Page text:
Shattered calm

The assassination of Lebanon's former prime minister, for which many blame Syria, raises fears of a return to civil war.

By Julian Borger - Carolynne Wheeler

Published February 15, 2005 2:44PM (EST)

Rafik Hariri, Lebanon's former prime minister, was assassinated in a huge bomb attack Monday that killed at least 13 others, injured more than a hundred and threatened to shatter the country's fragile peace. The murder of the billionaire opponent of Syria's influence in Lebanon raised the specter of a return to violence 15 years after the Lebanese civil war.

His killing was condemned by world leaders and drew a sharp response from the White House, which directed pointed remarks toward Syria. The blast left a five-meter deep crater on Beirut's seafront, where restaurants were serving lunch. It tore apart the armor-plated vehicles of Hariri's motorcade and broke windows up to a mile away.

A previously unknown group calling itself Support and Jihad in Syria and Lebanon claimed to have carried out the bombing, calling the attack the first of a campaign of "martyrdom attacks" aimed at "infidels, renegades and tyrants." In a video aired on the Al-Jazeera television network, a bearded man in a turban read a statement on behalf of the group, describing the killing as "just punishment" for Hariri's close ties to the Saudi government.

According to the Associated Press, Lebanese authorities identified the man as Ahmed Abu Adas, a Palestinian who lives in Beirut's western district of Tariq al-Jadidah. Security officials, speaking on condition of anonymity to the AP, said he left his house early Monday and never came back. They said he was suspected of having links with al-Qaida. A computer and other equipment were confiscated from his house, the officials added.

It was not clear whether the explosion was a suicide bomb, nor whether the explosives (estimated as the equivalent of 300 kilograms of TNT) had been packed in a car, left on the side of the street or hidden under the road.

The assassination threatened to raise tensions across the Middle East, where a Palestinian-Israeli cease-fire last week had given hope of more peaceful times. It could also worsen the fraught relations between Damascus and Washington, which believes the Syrian government is turning a blind eye to the flow of weapons and insurgents into Iraq and undermining efforts to bring peace to the region.

George W. Bush began his second term in the White House by warning Syria that he would confront it for "harboring terrorists" within its borders and in Lebanon. Monday, the White House came close to blaming Syria's presence in Lebanon for Hariri's murder, describing the attack as "a terrible reminder that the Lebanese people must be able to pursue their aspirations ... free from violence and intimidation and free from Syrian occupation." Opposition leaders in Lebanon went further, directly blaming Syria alongside the Lebanese government. "We hold the Lebanese authority and the Syrian authority, being the authority of tutelage in Lebanon, responsible for this crime," they said in a statement.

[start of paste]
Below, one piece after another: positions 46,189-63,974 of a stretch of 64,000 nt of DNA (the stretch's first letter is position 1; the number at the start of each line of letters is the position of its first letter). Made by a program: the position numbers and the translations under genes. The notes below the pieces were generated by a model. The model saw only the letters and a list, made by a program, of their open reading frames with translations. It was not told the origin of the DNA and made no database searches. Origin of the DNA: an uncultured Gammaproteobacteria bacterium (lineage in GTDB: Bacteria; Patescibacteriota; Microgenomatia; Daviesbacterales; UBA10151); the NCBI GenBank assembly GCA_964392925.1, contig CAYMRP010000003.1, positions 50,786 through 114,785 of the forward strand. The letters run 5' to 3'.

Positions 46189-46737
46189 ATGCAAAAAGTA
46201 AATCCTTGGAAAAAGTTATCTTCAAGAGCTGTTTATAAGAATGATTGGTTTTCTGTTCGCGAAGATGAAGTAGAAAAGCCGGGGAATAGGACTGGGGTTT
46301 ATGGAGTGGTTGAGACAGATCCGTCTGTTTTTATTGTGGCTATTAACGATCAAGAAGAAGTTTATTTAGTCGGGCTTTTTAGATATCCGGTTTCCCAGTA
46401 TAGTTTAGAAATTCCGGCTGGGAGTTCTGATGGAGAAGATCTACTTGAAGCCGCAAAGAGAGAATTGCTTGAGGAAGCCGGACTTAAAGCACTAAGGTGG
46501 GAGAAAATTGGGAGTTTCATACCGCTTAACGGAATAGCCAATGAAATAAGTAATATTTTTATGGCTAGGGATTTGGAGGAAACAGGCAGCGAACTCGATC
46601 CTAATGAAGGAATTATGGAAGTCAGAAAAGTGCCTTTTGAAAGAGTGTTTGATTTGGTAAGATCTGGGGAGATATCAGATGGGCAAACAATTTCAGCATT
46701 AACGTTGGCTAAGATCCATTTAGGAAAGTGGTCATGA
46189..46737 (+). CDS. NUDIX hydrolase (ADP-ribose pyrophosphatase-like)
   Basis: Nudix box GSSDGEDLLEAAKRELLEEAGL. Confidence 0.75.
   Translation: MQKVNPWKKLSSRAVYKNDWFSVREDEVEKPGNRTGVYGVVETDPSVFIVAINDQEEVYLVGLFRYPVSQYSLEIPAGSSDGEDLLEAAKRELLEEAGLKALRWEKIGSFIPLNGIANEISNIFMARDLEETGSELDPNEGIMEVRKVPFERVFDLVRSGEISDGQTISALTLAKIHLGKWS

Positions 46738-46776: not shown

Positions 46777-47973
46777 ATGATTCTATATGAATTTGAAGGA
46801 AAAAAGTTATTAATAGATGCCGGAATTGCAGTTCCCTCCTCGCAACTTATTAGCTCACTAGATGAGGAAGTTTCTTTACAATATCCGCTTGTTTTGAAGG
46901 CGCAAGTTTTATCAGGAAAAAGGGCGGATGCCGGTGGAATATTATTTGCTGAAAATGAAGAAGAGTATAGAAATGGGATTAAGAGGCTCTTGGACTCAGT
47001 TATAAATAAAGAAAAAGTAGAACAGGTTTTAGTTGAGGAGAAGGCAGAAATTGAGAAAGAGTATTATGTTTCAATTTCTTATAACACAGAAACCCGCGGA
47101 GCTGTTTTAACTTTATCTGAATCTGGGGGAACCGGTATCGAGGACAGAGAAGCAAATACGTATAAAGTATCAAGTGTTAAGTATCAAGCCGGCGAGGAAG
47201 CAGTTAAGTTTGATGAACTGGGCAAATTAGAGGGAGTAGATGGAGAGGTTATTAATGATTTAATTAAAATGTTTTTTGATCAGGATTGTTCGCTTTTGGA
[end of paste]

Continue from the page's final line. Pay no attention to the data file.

Hariri, 60, a Sunni with dual Lebanese and Saudi Arabian citizenship, had been prime minister for a total of 10 years, resigning last October in protest at a constitutional amendment giving Emile Lahoud, the Syrian-backed president, an additional three years in office. He joined calls for Syria to pull its troops out of Lebanon and had been expected to draw support away from the pro-Syrian government in elections due to be held this spring.

President Lahoud described the killing as "a dark point in our national history," as the government called an emergency Cabinet meeting late Monday afternoon. Lebanon's army command announced that forces were put on maximum alert and that soldiers on holiday were being recalled.

Bashar al-Assad, Syria's president, condemned "this horrible criminal action," and expressed condolences to the families of the victims. Mahdi Dakhlallah, Syria's information minister, called the killing "a criminal, terrorist action against Lebanon and Syria."

In Sidon, Hariri's hometown, shops were shuttered. One group of people attacked a van with Syrian workers inside, shattering its windshields.

French President Jacques Chirac called for an internationally supervised investigation, but in central Beirut most people were blaming Syria, though other theories involving the Israelis and the CIA also surfaced.

The explosion tore through Hariri's convoy just before 1 p.m. as it was traveling down the Corniche, Beirut's famed coastal stretch of hotels and restaurants. Hariri was pronounced dead on arrival at the city's American University hospital. Local television showed footage of a man on fire in the front passenger seat of his car fumbling with the door before falling out onto the ground. Several of Hariri's bodyguards were also killed, and his leading aide, Basil Fuleihan, a former economy minister, was reported to be in critical condition.

Violence has been rare since the civil war ended 15 years ago, and many Lebanese who had fled to Canada and the United States have returned.

Julian Borger

Julian Borger is a correspondent for the Guardian.

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Carolynne Wheeler

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